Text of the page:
Why hadn’t I yelled, or elbowed him? The truth is, I thought for a moment I might be crazy, that I was making it all up.
This kind of thing happens to women all the time, be it physical groping or a sort of verbal groping. When I worked at a coffeeshop, one customer consistently commented on my body until one day I excused myself to go cry in the office upstairs. My employer suggested we not respond to comments like those in case we lost those customers, but my coworker stood up for me anyway.
“You have a wife and children,” she told the man. “Stop saying disgusting things like that.” Sure enough, he never came back.
After leaving customer service, I didn’t really hear those kinds of comments anymore (at least, not in a civilized setting; the occasional disheveled and most likely dirty passerby yelling “Who wears short shorts?” sucks, but it’s easier to pass off because, well, they’re probably crazy). The other week, however, it happened when I went to Tekserve to get my computer fixed.
I asked the gentleman who was giving out tickets where the bathroom was, and when I came back, I asked him where I should wait until my number was called. ”In my pants,” he said, smirking.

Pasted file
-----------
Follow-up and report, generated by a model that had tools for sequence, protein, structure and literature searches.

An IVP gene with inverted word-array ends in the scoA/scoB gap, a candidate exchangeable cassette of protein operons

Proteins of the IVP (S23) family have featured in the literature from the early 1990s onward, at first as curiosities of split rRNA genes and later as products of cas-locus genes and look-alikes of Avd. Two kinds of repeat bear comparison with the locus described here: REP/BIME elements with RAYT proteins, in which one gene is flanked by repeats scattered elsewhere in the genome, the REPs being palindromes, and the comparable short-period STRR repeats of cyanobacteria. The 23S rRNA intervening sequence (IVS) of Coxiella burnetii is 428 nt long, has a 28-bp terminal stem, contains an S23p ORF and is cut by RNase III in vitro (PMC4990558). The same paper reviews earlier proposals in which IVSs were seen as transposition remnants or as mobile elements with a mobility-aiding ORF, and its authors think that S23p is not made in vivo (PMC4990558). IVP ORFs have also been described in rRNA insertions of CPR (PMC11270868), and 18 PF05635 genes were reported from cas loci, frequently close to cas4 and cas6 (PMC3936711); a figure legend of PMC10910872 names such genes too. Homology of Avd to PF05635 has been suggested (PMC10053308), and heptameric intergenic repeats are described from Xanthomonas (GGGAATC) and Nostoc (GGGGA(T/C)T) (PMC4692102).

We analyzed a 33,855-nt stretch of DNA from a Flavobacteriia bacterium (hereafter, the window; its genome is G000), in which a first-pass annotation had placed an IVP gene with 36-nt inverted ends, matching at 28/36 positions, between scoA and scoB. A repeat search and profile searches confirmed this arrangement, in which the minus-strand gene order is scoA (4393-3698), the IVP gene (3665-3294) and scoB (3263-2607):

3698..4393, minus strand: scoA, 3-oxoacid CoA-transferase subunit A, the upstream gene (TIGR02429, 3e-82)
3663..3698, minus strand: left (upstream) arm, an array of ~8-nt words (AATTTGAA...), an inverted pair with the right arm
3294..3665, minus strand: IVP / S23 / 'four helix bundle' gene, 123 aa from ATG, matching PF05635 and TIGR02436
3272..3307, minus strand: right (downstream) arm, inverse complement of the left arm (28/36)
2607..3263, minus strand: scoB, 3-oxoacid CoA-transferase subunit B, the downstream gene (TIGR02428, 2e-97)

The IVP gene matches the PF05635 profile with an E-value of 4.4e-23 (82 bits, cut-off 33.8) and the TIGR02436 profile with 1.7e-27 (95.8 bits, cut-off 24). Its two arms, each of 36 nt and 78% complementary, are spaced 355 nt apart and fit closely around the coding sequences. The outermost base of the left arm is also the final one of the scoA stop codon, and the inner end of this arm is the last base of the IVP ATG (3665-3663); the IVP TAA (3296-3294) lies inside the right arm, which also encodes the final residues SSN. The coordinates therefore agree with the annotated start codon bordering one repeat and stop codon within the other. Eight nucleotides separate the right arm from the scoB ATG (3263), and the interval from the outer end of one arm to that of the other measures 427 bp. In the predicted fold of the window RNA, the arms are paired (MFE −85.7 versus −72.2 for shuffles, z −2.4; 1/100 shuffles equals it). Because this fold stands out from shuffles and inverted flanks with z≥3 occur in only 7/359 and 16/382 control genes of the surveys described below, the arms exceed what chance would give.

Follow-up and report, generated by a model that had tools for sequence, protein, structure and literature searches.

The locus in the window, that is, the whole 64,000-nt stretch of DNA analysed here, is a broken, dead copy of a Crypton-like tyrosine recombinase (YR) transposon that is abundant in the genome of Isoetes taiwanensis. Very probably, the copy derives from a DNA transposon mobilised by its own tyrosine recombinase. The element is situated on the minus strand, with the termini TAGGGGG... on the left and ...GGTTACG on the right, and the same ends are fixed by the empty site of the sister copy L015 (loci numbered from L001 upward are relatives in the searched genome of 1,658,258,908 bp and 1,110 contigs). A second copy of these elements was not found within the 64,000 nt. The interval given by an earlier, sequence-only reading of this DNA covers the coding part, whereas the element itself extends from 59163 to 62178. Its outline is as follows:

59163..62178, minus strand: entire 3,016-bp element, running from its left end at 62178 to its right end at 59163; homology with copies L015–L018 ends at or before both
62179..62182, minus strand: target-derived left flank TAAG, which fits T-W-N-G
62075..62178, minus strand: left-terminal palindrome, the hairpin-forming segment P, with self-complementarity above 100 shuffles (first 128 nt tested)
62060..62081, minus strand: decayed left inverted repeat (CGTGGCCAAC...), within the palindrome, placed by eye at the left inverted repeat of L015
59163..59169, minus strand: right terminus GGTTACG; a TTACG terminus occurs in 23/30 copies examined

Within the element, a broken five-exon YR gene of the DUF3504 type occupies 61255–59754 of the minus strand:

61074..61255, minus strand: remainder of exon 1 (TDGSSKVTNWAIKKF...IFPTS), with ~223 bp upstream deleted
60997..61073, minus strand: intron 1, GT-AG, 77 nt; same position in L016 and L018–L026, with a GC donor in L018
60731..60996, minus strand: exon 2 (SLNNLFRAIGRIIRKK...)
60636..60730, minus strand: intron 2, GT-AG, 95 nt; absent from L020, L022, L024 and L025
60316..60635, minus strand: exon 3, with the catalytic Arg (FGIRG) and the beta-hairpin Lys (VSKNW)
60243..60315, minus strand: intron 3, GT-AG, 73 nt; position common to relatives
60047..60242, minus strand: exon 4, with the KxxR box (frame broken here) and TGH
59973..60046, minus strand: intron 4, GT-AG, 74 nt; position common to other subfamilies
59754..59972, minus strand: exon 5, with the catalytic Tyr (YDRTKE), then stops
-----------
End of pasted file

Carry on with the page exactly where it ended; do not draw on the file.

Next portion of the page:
His friend was standing next to him, and I kind of laughed, not really registering how offended I was. It was only after I walked away that I thought to say something. But I wanted to appear easygoing, not like the rabid feminist that can’t take a lyric like Ludacris’ “She’s a lady in the street/ But a freak in the bed.” Plus he had really nice eyes, so I permitted myself to think it was okay. Maybe he was flirting.
Seriously, though, what made him think it was anywhere near appropriate to say something like that to me? The worst part is that I felt bad for being offended and then I felt worse for not responding when my friends reacted, saying I should have stood up for myself.
The subway perp in the article was arrested, but less extreme harassment in supposedly civilized settings is still all too permissible. We need to find a balance between telling a woman there was nothing she could do, as the officer told the subway rider, and telling women that yes, there is something you can do.